4 AE. Pavia L. Buckeye. Lfts. 5 to 7, oblong-lanceolate, cuneate at base, shortly acuminate, finely serrate; fls. red, very irregular in a lax, thyrsoid raceme; pet. 4, erect, as long as stamens; cal. tubular, half as long as the 2 shorter petals.- A beautiful shrub, 3 to 10f high, common in the Southern States. Lvs. of a rich shining green, the veins, petioles and twigs purple. Fls. large (1' long), red, glabrous. Mar. - May. †

5 AE. parviflora Walt. Lfts. 5 to 7, obovate acuminate, serrate, velvety canes-cent beneath; petals 4 (white), somewhat similar and spreading, thrice shorter than the capillary stamens. - A beautiful shrub, 2 to 5f high, in upper Ga. and S. Car. Fls. very numerous, in a long, slender, racemous thyrse. The upper petals are rather longer, all on slender, exserted claws. Apr., May. (AE. macrostachya Mx.)

2. SAPINDUS, L. Soap-berry. (That is, by syncope, Sapo Indicus, Indian soap.) Sepals 4 or 5; petals as many, or one less by abortion, appendaged inside with a gland, scale or beard; stamens 8 to 10; inserted on the upper surface of the fleshy disk; stigmas 3; fruit 3, connate, globular, fleshy carpels, often by abortion 2 or 1; seed large, solitary. - Trees with alternate, pinnate, exstipulate leaves.

S. marginatus Willd. Common petioles wingless; lfts. 9 to 18, ovate-lanceolate, long-pointed, very inequilateral, short-stalked, entire, glabrous, shining above; fls. in dense compound panicles,Order XLI Sapindaceae Indian Soapworts 483 or Order XLI Sapindaceae Indian Soapworts 484 . - Ga. to Ark. Tree 20 to 40f high, with bright-green foliage and small fls. in large terminal panicles. The barren panicles much more dense and compound than the fertile. Filaments hairy. Berry usually single, rarely triple, reddish-brown, as large as an ounce bullet, its pulp soapy. Seeds loose, rattling.

3. CARDIOSPERMUM, L. Heart-seed. Balloon-vine. (Gr.Order XLI Sapindaceae Indian Soapworts 485 heart, Order XLI Sapindaceae Indian Soapworts 486 seeds; the globous seeds marked with a large cordate hilum.) Sepals 4, the 2 outer smallest; petals 4, each with an emarginate scale above the base; the 2 lower remote from the stamens, their scales crested; stamens 8, unequal; style trifid; capsule membranous, inflated. - Climbing herbs with biternate lvs. Lower pair of pedicels changed to tendrils.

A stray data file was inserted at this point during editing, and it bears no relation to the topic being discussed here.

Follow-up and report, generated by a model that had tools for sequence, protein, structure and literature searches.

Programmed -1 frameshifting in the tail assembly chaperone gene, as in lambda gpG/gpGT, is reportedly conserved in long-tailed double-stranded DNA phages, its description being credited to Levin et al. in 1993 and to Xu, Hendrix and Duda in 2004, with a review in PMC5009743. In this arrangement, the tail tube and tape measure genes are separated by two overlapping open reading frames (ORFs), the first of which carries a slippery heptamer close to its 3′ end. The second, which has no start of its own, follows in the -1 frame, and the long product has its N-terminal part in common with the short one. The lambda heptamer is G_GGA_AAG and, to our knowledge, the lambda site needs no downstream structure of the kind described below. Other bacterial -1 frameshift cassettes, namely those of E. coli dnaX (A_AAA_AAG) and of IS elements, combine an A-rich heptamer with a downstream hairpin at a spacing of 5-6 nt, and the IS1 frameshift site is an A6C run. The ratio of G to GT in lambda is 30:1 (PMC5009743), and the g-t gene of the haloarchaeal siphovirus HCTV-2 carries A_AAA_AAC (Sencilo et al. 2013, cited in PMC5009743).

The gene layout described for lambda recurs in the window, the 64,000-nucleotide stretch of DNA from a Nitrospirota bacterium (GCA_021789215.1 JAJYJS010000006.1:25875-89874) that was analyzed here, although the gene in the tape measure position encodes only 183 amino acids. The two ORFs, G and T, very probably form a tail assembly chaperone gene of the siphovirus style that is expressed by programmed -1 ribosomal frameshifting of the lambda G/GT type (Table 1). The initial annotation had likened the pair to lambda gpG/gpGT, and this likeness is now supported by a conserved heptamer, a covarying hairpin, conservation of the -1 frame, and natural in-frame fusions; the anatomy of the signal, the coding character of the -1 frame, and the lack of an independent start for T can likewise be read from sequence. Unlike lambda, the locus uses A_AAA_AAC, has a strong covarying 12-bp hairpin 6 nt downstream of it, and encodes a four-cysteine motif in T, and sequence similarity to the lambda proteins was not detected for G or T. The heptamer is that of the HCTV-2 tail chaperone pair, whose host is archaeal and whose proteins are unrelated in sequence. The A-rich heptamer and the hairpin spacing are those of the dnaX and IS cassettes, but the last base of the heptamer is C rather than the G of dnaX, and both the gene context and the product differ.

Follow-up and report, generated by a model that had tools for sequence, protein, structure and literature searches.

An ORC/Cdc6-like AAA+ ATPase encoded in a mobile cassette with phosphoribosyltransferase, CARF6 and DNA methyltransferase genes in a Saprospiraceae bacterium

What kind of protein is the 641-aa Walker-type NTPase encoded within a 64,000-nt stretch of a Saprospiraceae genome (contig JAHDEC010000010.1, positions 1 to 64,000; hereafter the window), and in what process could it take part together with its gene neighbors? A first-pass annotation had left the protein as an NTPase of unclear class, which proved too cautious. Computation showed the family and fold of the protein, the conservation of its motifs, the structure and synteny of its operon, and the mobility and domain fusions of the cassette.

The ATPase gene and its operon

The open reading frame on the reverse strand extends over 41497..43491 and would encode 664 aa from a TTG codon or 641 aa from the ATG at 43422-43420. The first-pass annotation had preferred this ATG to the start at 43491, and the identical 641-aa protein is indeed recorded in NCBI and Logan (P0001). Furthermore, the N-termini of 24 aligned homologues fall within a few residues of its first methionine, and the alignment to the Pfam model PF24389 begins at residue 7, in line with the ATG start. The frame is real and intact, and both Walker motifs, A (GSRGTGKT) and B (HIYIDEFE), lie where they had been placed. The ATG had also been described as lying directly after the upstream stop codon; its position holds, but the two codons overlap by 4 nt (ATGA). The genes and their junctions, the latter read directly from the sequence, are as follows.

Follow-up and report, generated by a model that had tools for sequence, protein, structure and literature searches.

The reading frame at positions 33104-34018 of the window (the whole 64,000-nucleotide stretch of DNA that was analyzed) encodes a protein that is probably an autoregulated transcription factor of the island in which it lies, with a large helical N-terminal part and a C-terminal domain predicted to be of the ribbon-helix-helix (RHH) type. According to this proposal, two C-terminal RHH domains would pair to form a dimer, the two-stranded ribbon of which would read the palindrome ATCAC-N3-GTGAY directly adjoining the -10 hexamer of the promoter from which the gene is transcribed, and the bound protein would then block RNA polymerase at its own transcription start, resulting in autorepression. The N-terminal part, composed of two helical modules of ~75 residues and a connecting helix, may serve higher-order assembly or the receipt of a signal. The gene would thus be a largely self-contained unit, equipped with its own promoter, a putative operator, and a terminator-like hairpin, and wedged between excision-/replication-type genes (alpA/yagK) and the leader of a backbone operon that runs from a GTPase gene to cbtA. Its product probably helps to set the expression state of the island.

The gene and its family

C. Haliacabum L. Plant nearly glabrous; lfts. ovate-lanceolate, incisely lobed and dentate; fir. pyriform-globous, large, bladder-like. - Native on the Missouri and its branches, Torr. & Gr. Naturalized in the Western States, Mead. A curious vii e, 4 to 6f in length, with remarkably, large, inflated, membranous capsules. Jl. §

4. STAPHYLEA, L. Bladder-nut. (A Greek word, meaning a cluster of grapes; from the form of the fructification.) Fls.Order XLI Sapindaceae Indian Soapworts 487 ; calyx of 5, colored, persistent sepals; petals and stamens 5; styles 3; capsules 2 to 3-celled, thin, and inflated; seeds not ariled. Shrubs with opposite, 3 to 7-foliate lvs. and caducous stipules.

S. trifolia L. Lvs. ternate; rac. pendulous; pet. ciliate below; fr. ovate. - A handsome shrub, 6 to 8f high, in moist woods and thickets, Can. to Car. and Tenn. Lfts. oval-acuminate, serrate, pale beneath, with scattered hairs. Fls. white, very elegant, in a short, drooping raceme. The most remarkable feature of the plant is its large, inflated capsules, which are 3-sided, 3-parted at top, 3-celled, containing several hard, small nuts or seeds, with a bony, smooth and polished testa. May.